I saw "Neighbors" on public TV, summer 1972, and it packed a punch !
I agree with the comment already posted. Besides being similar to "All In The Family", it was also like an inter-racial "Who's Afraid Of Virginia Woolf?", also involving two couples, one couple the "guest" of the other, the difference being, the illusions being stripped away (the "game playing") have to do chiefly with racial identity instead of family life. I thought particularly eloquent the black man's cathartic, confessional statement that, while still working in the fields and illiterate, before confessing that his wife, Vikki, taught him to read, he was merely "one jackass behind another". Vikki seems dismayed to the bottom of her soul that her husband has to go through this painful, too-revealing process of self-revelation, yet again, and Cicely Tyson, in playing her, shows this very well.
I find it interesting that the music that the black man dances to, and tries to get his wife, and the white couple, to dance to, as well, is Otis Redding's version of "Satisfaction", a black man's rendition of a blues rock standard composed and popularized by white men (The Rolling Stones)in emulation of black American music. This, rather than music both composed and performed by blacks. It underscores the theme of black-white relations, borrowing, theft, identity, hinting at white men equating being cool with acting black.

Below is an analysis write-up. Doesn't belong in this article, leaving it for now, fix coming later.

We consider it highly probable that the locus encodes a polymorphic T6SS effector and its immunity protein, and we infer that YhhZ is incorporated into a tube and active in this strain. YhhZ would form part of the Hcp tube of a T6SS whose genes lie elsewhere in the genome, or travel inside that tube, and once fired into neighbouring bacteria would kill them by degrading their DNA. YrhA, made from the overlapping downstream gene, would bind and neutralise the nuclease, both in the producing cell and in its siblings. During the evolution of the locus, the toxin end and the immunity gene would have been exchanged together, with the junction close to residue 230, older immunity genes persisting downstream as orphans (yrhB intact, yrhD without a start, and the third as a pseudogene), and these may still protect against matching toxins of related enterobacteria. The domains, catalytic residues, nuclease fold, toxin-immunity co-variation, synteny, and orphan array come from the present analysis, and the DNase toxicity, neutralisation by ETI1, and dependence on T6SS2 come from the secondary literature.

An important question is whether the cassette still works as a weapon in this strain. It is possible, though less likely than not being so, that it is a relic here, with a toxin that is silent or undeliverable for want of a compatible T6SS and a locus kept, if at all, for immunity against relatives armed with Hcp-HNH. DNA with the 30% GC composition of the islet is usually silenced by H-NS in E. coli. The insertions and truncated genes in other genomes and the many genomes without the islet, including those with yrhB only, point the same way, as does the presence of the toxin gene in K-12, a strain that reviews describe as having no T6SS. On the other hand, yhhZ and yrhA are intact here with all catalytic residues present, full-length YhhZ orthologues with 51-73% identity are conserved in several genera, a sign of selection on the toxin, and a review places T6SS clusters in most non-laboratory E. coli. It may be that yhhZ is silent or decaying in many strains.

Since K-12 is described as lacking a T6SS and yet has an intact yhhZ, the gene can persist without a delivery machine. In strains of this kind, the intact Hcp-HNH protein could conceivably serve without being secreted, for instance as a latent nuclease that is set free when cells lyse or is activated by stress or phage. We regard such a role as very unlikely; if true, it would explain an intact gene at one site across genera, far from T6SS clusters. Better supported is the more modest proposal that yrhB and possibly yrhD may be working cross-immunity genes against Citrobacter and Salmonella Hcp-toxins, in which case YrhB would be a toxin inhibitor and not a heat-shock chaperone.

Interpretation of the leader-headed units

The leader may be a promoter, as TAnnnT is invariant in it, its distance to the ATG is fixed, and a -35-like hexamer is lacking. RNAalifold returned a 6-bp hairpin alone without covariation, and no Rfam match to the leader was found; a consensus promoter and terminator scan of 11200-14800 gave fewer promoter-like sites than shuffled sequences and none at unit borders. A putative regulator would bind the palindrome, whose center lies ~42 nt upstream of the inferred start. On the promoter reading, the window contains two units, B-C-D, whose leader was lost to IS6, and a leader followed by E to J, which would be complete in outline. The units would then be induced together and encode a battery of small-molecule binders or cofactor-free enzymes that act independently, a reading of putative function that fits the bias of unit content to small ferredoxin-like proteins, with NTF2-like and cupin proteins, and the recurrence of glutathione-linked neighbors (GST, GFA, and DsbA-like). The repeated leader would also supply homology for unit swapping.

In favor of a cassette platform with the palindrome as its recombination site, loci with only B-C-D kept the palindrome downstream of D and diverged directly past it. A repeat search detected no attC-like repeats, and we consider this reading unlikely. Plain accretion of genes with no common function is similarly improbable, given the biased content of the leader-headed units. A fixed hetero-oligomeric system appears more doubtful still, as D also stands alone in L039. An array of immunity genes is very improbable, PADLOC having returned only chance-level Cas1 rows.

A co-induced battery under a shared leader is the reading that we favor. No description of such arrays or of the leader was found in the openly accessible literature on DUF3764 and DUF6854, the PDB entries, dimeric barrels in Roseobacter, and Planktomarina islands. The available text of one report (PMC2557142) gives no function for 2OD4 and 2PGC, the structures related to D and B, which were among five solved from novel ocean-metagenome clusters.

I was pleased to find a reference to "Neighbors" on the IMDb, because it was a play I saw only once or twice more than thirty years ago, yet it made such an impression on me. I found myself using the black man's phrase, "I got me one hunk of woman !" for several years afterward when I wanted to come off as tough, cool and macho. I was also pleased to read on IMDb that "Neighbors" was directed by Fielder Cook, who did such a great job directing the ground-breaking Rod Serling teleplay, "Patterns", in 1955.
Speaking of television in the 1950's, I find the presence of Jane Wyatt in "Neighbors" to be welcome, as she had starred alongside Robert Young in one of the classic, iconic "serene and silly" TV family sitcoms of all time, "Father Knows Best".
I thank IMDb for this opportunity to comment on a play I saw so long ago, yet which made such a great impression on me. My thanks to Arkady Leokum, the cast of "Neighbors", and WNET Channel 13, as well.
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